It seems to be that the minimum number of observations needed to calculate variance is 2. I can see the logic behind this because by logic, there can not be variance for a single point. But on the other hands, I don't think 2 points are really enough to calculate variance in general. This is because you need to observe more data to understand how much variance there truly is.

Ex: if it rains 2 days but does not rain 1 day, the variance might tell me that there is a a lot of variability in rain, but more data would really be needed to be certain. This is actually why you need something like min 25-30 data points to calculate the variance.

So if this is true, how can we have variance in repeated measure longitudinal regression models when there is usually just 3-4 obs max per person? If you combine everything into one dataset, I think you might be able to calculate variance for whole population .... but how can you calculate individual variance for each person individually when you only have 3-4 obs? Isn't it like the rain example?

  • 2
    $\begingroup$ You are confusing the ability to calculate an estimate with the accuracy of the estimator. You can calculate an estimate of variance with just two observations; the fact that it isn't a very accurate estimate at that sample size is irrelevant to that fact. Depending upon your purposes, and the availability of data, small sample sizes might be OK. $\endgroup$
    – jbowman
    Sep 28 at 18:13
  • $\begingroup$ Look at this page and its linked and related pages to see what's going on. You do need a large sample to get a precise estimate of the variance. How large to get a particular precision depends on the nature of the underlying distribution. But 2 is enough for a (very imprecise) estimate (assuming that the distribution in fact has a variance). $\endgroup$
    – EdM
    Sep 28 at 18:22
  • $\begingroup$ Could you explain what you mean by "calculating" variance? If it's a property of the sample, then evidently the variance of a sample of $1$ is always zero. If it's an estimator, then some variance estimators need only one random sample. For instance, when $X$ has a Poisson$(\lambda)$ distribution, $X$ estimates the variance (and it's pretty accurate when $\lambda$ is large). $\endgroup$
    – whuber
    Sep 28 at 18:47
  • $\begingroup$ thx everyone! I still dont think i understand unfort ... how it is possible to reliably calculate variance when you only have very small number of observations per each subject? $\endgroup$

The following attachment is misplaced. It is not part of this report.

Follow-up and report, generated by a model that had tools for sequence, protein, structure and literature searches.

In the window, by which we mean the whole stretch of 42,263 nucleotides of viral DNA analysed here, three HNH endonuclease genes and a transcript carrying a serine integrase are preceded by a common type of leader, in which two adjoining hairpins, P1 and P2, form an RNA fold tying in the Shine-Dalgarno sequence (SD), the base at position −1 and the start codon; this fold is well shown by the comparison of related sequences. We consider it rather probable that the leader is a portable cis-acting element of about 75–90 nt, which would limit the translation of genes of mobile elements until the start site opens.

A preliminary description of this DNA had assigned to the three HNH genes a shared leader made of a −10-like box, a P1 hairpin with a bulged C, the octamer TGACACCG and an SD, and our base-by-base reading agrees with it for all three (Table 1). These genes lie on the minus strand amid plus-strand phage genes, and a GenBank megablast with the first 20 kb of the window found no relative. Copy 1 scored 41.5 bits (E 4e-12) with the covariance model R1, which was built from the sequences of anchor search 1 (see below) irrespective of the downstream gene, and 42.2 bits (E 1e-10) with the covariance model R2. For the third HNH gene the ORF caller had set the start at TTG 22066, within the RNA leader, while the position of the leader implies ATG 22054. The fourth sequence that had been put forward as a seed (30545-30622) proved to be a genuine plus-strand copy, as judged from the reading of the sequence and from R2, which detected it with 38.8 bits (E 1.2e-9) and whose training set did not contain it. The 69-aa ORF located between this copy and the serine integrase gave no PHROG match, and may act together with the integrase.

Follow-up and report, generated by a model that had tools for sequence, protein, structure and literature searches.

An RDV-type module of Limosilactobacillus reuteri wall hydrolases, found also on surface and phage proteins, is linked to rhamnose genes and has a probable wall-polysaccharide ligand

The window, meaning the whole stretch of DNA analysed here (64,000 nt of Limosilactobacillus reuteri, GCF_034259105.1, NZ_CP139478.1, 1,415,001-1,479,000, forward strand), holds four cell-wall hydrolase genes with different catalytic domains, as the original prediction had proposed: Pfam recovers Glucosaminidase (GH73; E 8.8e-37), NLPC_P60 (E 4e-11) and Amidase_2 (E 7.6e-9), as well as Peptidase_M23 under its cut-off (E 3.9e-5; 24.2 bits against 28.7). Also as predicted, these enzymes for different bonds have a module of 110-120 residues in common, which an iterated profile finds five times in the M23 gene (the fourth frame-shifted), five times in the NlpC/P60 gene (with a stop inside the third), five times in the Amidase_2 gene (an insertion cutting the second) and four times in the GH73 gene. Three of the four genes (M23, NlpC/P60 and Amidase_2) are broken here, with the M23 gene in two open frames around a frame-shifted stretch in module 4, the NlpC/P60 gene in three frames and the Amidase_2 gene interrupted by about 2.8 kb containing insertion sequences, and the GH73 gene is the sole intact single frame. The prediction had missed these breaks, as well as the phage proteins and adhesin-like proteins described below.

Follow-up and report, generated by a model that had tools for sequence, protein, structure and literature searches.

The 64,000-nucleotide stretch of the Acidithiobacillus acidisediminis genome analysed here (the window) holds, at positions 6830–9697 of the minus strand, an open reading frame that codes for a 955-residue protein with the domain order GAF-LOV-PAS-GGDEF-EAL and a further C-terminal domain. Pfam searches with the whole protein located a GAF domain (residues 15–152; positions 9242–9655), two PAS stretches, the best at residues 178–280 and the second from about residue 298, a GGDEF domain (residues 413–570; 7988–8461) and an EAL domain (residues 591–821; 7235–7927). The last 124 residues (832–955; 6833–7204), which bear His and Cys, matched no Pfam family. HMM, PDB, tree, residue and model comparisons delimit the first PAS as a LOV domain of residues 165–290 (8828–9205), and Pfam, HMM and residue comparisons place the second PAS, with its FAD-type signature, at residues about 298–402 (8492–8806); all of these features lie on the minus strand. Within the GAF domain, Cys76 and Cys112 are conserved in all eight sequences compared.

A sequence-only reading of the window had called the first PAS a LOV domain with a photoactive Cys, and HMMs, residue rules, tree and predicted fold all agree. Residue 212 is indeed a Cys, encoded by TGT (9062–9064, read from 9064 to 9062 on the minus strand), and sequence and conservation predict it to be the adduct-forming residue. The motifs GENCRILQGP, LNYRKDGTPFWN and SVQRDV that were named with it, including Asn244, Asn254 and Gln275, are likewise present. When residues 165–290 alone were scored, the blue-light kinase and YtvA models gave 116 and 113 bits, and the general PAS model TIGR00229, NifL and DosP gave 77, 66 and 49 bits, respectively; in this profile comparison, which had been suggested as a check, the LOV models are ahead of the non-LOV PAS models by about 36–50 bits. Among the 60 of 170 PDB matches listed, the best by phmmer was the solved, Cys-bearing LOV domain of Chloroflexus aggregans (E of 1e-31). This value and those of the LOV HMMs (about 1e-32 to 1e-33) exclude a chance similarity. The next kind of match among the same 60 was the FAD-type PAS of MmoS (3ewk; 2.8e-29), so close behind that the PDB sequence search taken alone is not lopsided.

– stats_noob
    Sep 28 at 19:44
  • $\begingroup$ @jwolof The standard error of the variance estimate gets bigger the fewer data points you have - with very little data, you can't get a reliable estimate of the variance. You can always apply the variance formula with even with little data, but the point estimate becomes an increasingly unreliable estimate of the true variance the less data you have. $\endgroup$ Sep 29 at 16:00

1 Answer 1


One can argue that you only need $n=1$ to estimate variance, except that the variance is always estimated to be $0$ when you calculate $E[X^2] - E[X]^2 = X_1^2 - X_1^2 = 0$ and that this is a biased estimator.

"Mixed models" comprise a large, large class of models. In the simplest example: using random intercepts, it's relatively straightforward to understand why the estimates are reliable in moderate sample sizes (even with "3-4 obs max per person"). The mixed model uses a complicated estimation approach called profile likelihood which has the desirable property of shrinkage. For instance, the Neyman-Scott problem illustrates why maximum likelihood breaks down when the number of parameters is large. Stated briefly, Neyman-Scott concerns the problem of estimating the variance using maximum likelihood in a process of IID dyads having $$ [X_{i,1}, X_{i,2}] \sim \mathcal{N}(\mu_i, \sigma^2 \mathcal{I})$$

More background here but the asymptotic MLE for $\sigma^2 $ $\rightarrow$ 2$\sigma^2$ as $n \rightarrow \infty$. The mixed model approach would model the $\mu_i$ as a normal distribution and use the quantiles as plugin estimates for the $\mu_i$ before maximizing the joint normal likelihood as an estimator for $\sigma^2$. Ridge estimators also enforce shrinkage. The specific estimates of $\mu_i$ are biased a little but the estimates for $\sigma^2$ have far more favorable small and large sample properties. It is precisely because of this distributional modeling that the number of observations per cluster can be extremely small and yet the estimators of fixed effects and variance structures have highly favorable properties.

In spite of this, there are many missteps in the literature and elsewhere where the wrong mixed model is applied and the variance components are subject to sparse estimation. Here, just as in any ordinary OLS, unreliable estimates lead to unreliable inference, and much of it can be missed without doing thorough diagnostics.

  • $\begingroup$ You offer one biased estimator of variance, but that doesn't logically demonstrate anything except that this is possibly not a good estimator. $\endgroup$
    – whuber
    Sep 28 at 18:46
  • $\begingroup$ An interesting twist of N=1 is that an unbiased estimate of the standard error of the sample variance is undefined - with N=1 we can generate a point estimate of zero variance, but that point estimate is totally uninformative for the true variance, which could credibly take any positive value at all. You can calculate Var=0 for N=1, but it provides no information whatsoever about the actual variance in the underlying population. $\endgroup$ Sep 28 at 19:10

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